While wild blueberries are not Maine’s largest crop — that would be potatoes — they are arguably the most important to the state, which grows the vast majority of the country’s blueberries. “They’re a cultural heritage here in Maine,” said Zhang. Local indigenous people were the first cultivators of wild blueberries, which unlike their cultivated cousins, are tinier, sweeter, and more nutrient-dense. Wild blueberries are not planted, they are managed, meaning the 40,000 acres in which they grow are located in areas where they have grown naturally for thousands of years.
As producers of all kinds grow more concerned about the relationship between soil health and drought, biochar is picking up steam in fields and on ranches, and for good reason. Biochar is especially beneficial to plants like blueberries that thrive in easily drained sandy soil — not exactly the ideal soil type to have when water is scarce. Sandy loam soil has a water holding capacity of 16% — measly when compared to clayey soil’s 45-55% — but that increases dramatically when biochar is added to the mix. According to a 2013 study that looked at the impact of biochar on sandy soil, the amendment can help double the soil’s water holding capacity.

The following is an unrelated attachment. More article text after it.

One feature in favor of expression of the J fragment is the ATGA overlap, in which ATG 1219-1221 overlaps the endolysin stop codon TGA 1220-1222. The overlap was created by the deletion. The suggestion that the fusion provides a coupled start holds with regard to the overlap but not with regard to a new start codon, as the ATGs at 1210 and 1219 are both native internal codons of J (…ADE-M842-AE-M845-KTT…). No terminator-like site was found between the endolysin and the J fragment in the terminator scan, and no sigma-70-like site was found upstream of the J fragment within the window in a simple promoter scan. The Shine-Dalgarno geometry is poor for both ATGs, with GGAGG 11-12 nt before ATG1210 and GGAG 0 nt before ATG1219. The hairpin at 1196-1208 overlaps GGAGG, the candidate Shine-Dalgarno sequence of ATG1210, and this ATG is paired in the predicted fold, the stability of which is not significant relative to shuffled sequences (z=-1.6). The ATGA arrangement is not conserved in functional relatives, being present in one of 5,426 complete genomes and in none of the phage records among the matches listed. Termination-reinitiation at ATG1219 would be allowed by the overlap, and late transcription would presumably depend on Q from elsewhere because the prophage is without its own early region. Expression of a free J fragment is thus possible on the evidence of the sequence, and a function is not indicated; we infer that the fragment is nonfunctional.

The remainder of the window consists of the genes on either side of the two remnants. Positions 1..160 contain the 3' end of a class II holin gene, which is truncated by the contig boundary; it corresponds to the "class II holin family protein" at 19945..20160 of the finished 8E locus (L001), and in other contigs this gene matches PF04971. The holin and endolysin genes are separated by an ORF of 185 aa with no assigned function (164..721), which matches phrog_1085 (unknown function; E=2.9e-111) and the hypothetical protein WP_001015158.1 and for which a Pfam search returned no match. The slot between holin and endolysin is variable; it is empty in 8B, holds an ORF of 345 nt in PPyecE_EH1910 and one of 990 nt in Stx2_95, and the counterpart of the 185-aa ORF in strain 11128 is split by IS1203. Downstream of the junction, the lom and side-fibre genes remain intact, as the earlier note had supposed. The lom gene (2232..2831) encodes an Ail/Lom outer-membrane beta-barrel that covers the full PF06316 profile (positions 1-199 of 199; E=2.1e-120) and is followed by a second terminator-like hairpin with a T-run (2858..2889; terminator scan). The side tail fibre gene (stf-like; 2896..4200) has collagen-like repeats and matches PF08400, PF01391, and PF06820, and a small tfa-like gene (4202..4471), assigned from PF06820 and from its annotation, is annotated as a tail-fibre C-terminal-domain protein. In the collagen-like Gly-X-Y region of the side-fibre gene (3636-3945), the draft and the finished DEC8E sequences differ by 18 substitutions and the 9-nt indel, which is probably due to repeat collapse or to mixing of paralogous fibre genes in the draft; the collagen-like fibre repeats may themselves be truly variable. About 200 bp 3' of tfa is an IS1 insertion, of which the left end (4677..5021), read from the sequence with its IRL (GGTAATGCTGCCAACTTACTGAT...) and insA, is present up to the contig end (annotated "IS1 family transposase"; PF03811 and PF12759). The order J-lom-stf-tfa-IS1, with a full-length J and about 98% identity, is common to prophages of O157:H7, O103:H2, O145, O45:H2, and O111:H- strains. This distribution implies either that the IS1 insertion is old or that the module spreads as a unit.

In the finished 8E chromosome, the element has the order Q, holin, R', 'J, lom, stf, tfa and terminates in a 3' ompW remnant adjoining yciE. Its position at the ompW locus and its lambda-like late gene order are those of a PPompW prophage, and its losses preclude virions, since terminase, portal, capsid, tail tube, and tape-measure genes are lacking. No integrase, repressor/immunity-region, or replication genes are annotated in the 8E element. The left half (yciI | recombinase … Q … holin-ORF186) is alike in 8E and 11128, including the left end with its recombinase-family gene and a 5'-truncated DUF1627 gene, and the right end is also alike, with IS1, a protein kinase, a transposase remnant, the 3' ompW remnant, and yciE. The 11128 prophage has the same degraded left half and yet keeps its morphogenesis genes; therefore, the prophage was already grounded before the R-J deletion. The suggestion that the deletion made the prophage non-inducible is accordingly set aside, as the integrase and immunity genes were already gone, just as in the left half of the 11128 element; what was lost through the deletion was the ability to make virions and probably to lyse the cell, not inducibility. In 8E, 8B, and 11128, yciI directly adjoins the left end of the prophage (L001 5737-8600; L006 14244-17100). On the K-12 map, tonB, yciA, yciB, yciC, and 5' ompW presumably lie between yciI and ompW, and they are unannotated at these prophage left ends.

“You’re valorizing what might otherwise be a waste product, what would otherwise be releasing CO₂ and other greenhouse gasses.”
In addition to absorbing water, moisture, and nutrients, biochar has been shown to reduce leaching of PFAS, or forever chemicals, from soil — especially important for Maine farmers, some of whom were recently affected by high levels of PFAS contamination. And because it’s made from agricultural and forestry waste, including timber, leaves, and even manure, the process of creating it helps sequester carbon, keeping harmful emissions caused by plant decomposition out of the atmosphere. Supplementing livestock feed with biochar has been shown to improve animal health, including improved growth performance, egg yield, and reduced methane production.
Beyond agricultural uses, landfills are being topped with biochar to control the release of harmful greenhouse gas emissions. In construction, biochar can be added to building materials such as brick and tile, reducing greenhouse emissions and pollution caused during the production of plastics and concrete.
“You’re valorizing what might otherwise be a waste product, what would otherwise be releasing CO₂ and other greenhouse gasses,” said Wendy Lu McGill, interim executive director of the International Biochar Initiative. “And that’s an additional benefit on top of what you’ve already done in creating the biochar.”